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1 pointn factorial (represented as n!) is the product of all positive integers up to n. So the number you are looking for is 1,000,000! ("one million factorial")

1 pointWith a tip of the hat to @BMAD for his interesting puzzle. For your amusement, here's an interesting spin on this genre: One night you encounter a twohour traffic delay due to an accident (the tow truck had difficulty clearing the road.) So, for a time interval 13 of two hours you were constrained to travel at 0 mph. You called home and said, sorry dear, but I'll be two hours late getting home. The next night, for some unimaginable reason, you were also constrained to travel part of the way at 0 mph, this time for a distance of one inch. What do you say now when you call home?

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1 pointCrocodile Sophism  Back to the Paradoxes A slim crocodile living in Nile took a child. Mother begged to give him back. The crocodile could not only talk, he was also a great sophist, and so he stated: "If you guess (Edited: predict the fate = guess correctly), what I will do with him, I will return him. However, if you don't guess his fate I'll eat him." What statement shall the mother make to save her child (what about a vicious circle ...)?

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1 pointWe are in a TV game. We have 8 same looking boxes, each of which has 2 pebbles. Each pebble could be either precious or not precious. We choose a box and the host, without looking inside the box, pulls out a pebble. It comes out to be precious. The TV host then declares that we have exactly 50% chance that the 2nd pebble inside the box is precious, too. If we know that, in the beginning of the game, the count of precious pebbles is no less than the count of not precious pebbles, which of the statements MUST be true? We assume that the TV host knows the pebbles distribution in the boxes  in what amount of boxes the precious pebbles are 0,1 or 2. The TV host, however, doesn't know the kind of pebbles in each specific box, as he himself doesn't differ the boxes from one another. 1. If we swapped the boxes, we would have higher chance of picking up precious pebble next. 2. If we swapped the boxes, we would have same chance of picking up precious pebble next. 3. If we swapped the boxes, we would have lower chance of picking up precious pebble next. 4. In the beggining of the game, there've been exactly 2 boxes with 2 precious pebbles each. 5. In the beginning of the game, half the boxes have had 1 precious and 1 not precious pebble. 6. In the beginning of the game, the precious and not precious pebbles have been equal in count. 7. In the beginning of the game, the amount of boxes with 2 precious pebbles is equal to the amount of boxes with 2 not precious pebbles. 8. The TV host has gone wrong. There's no way that there's 50% chance for 2nd precious pebble in our box, as there is unequal amount of pebbles left in the game. 9. None of the above must be true.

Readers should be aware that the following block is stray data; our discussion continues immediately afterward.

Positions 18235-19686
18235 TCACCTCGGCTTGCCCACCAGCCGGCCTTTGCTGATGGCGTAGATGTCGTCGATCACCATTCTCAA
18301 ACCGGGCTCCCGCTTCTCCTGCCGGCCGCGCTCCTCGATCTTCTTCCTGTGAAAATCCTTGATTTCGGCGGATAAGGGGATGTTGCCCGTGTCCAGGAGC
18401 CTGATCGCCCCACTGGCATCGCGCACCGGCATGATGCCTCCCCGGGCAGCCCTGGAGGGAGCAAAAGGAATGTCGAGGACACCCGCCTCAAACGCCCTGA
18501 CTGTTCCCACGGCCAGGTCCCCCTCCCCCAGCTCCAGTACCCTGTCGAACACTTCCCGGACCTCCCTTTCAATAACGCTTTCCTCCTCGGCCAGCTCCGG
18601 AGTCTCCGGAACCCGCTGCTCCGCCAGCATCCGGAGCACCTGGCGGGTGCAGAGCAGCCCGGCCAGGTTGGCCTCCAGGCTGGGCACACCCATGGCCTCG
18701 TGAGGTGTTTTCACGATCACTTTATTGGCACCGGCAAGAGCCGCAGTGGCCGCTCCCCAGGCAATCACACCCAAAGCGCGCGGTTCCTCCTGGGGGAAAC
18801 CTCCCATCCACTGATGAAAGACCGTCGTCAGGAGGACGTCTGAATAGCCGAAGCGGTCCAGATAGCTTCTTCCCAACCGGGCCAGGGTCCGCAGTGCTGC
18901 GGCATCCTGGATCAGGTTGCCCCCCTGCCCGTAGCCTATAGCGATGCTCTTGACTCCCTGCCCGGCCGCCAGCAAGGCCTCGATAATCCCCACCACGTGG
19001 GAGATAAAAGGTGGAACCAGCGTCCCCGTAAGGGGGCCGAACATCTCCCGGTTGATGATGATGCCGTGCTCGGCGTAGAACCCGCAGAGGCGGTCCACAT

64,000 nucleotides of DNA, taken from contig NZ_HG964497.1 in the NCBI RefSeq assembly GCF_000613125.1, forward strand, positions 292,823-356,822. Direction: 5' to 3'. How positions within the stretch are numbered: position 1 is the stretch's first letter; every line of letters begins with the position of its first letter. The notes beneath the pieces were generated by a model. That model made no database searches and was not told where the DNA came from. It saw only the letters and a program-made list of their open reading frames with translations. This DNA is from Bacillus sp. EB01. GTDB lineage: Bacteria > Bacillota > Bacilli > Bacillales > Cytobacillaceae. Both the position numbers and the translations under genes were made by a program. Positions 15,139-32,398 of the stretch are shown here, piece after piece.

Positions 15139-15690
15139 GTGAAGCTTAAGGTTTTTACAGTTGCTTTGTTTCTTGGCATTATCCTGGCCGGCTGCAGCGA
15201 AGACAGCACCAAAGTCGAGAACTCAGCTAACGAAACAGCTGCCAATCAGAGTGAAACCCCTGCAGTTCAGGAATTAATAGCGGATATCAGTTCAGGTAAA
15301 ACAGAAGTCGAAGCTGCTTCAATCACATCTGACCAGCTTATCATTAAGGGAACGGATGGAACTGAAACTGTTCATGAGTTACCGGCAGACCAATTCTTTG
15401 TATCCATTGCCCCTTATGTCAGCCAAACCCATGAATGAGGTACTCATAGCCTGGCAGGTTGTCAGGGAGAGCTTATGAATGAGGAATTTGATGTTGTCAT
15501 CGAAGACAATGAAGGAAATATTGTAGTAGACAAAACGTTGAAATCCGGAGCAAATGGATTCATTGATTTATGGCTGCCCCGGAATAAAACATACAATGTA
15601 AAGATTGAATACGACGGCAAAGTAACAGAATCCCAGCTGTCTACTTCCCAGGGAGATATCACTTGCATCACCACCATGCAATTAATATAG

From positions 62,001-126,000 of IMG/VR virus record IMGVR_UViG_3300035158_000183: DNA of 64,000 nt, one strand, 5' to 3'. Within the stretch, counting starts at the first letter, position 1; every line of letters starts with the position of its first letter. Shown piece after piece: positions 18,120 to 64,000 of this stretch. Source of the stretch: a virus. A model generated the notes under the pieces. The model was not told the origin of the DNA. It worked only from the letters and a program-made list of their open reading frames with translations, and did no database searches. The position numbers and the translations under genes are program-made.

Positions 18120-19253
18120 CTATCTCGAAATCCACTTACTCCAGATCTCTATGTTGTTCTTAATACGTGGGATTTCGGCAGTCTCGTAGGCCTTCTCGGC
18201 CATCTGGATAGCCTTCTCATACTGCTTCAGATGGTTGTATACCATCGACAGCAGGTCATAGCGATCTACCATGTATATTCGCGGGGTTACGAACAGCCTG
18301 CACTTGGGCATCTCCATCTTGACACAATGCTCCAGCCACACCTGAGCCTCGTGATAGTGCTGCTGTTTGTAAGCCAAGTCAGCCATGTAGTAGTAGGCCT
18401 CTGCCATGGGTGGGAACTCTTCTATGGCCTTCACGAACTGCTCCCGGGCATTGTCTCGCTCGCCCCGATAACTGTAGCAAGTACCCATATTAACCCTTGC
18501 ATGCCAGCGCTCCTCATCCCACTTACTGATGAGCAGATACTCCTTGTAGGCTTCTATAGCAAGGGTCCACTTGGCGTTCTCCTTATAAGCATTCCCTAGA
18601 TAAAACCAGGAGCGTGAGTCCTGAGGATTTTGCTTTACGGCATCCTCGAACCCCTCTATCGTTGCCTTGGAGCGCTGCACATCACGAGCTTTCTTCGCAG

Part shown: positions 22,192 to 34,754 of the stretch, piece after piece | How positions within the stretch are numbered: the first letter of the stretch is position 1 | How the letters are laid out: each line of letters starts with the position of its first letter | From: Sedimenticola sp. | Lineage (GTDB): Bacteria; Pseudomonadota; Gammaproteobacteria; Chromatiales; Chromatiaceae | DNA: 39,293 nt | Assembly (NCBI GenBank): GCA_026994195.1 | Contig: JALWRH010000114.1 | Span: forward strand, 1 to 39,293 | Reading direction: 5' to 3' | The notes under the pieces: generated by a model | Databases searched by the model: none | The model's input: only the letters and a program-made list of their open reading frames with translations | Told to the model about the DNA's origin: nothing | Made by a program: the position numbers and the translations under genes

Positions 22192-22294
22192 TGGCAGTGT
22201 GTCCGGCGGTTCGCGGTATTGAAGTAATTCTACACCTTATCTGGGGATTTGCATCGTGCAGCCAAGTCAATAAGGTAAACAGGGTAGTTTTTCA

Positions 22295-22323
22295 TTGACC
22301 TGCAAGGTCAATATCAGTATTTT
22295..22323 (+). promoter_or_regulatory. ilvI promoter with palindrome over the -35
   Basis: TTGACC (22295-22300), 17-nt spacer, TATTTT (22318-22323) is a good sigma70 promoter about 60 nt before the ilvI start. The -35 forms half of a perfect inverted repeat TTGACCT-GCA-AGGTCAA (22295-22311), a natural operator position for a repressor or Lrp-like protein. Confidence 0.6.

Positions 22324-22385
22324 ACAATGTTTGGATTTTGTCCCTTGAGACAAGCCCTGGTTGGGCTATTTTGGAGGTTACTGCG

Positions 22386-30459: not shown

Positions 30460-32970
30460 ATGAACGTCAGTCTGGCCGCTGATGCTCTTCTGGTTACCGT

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1 pointQuestion about #13, which sounds to me like a conflict. should it read “ nothing is south of the one black rook, which is on the edge”? or should it read “ nothing is south of the white rook that is on the edge” or even “one of the white rooks is on the edge, and has nothing south of it”? for that matter, should it name a different piece than white rook?

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1 pointIt looks like you're taking the first letter and essentially rotating it through the different positions while the other letters remain in the same order. I noticed that all the possible permutations begin with two letters that were next to each other in the original sequence (or in the first and last spot). For example, I don't think you can get a sequence starting with AC. So this does not seem to hold up.